More Frying, Less Fat with New Cooking Batter
By Rosalie Marion
June 22, 2009
A new rice batter product developed and
patented by the Agricultural Research
Service (ARS) is now being marketed by a Maryland company under an
exclusive license from ARS. The batter absorbs up to 50 percent less cooking
oil than traditional batters.
The batter is being sold by CrispTek,
LLC of Columbia, Md. The technology was developed by chemists
Daigle in the
Processing and Sensory Quality Research Unit of ARS
Regional Research Center in New Orleans, La.
ARS is the principal intramural scientific research agency of the
United States Department of Agriculture
Users can mix the dry product, called ChoiceBatter, with water before
coating and frying foods such as chicken, fish, shrimp, veggies and desserts.
The batter can also be used for grilling and baking. The rice flour-based
batter is cholesterol- and gluten-free, Kosher and available over the Internet
for the first time this month.
Batters enhance the sensory quality of fried foods, so its no surprise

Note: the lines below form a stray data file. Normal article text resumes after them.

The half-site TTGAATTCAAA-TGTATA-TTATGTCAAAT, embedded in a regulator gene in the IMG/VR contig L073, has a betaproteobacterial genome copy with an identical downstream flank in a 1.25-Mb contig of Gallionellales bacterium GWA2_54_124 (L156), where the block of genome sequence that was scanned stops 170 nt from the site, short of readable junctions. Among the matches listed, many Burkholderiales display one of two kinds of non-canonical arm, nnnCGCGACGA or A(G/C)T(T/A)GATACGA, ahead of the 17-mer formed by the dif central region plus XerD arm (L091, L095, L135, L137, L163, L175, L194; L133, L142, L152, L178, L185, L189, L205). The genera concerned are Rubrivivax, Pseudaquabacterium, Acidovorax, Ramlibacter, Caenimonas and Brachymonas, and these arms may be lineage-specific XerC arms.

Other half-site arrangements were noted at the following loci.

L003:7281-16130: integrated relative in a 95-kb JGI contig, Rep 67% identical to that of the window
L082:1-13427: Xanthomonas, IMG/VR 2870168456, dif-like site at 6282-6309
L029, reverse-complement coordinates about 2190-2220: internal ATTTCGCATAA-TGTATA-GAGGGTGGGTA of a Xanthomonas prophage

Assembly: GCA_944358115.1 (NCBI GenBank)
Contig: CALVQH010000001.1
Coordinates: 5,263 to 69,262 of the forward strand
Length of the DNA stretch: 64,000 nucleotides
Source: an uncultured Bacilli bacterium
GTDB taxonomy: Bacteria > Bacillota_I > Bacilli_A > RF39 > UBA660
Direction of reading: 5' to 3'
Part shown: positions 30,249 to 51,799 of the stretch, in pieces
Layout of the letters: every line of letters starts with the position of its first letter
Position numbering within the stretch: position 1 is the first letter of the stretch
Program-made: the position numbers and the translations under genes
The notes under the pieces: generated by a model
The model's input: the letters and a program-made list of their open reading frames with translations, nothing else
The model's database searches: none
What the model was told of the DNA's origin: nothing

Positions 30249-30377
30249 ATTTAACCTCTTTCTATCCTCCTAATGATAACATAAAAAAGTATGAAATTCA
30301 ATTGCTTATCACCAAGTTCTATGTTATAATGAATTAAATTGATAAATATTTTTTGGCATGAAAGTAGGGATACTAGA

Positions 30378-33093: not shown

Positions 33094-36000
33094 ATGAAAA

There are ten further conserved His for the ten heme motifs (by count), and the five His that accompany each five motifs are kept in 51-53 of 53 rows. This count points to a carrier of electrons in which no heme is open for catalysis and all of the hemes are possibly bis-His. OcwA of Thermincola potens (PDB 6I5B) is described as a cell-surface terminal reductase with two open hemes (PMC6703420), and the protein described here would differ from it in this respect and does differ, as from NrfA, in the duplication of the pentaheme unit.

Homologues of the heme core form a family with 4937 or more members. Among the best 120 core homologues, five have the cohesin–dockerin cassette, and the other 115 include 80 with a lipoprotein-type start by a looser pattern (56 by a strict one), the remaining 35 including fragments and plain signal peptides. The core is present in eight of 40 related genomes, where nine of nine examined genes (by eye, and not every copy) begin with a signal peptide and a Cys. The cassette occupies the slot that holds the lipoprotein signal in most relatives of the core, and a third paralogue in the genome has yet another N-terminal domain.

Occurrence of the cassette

they are popular both commercially and in the home. But high oil consumption
from commonly used batters when fried can pose a challenge to healthy weight
maintenance. Rice flours have the unique property of being resistant to oil
uptake. The new batter is based on a recipe of long-grain rice flour and small
amounts of other specially modified rice ingredients, and absorbs only about
half as much oil during frying than wheat batters.
CrispTek received funding from the Maryland Technology Development
Corporation (TEDCO) during a showcase sponsored jointly by TEDCO and USDA
late last year to help further commercialize the product. The companys
goal is to help consumers reduce the amount of fat and oil they consume.
ChoiceBatter is being sold on CrispTeks website at
The technology was developed as part of the ARS National Research Program
and Utilization of Agricultural Products, which includes projects to
meet consumer needs through the development of value-added food products and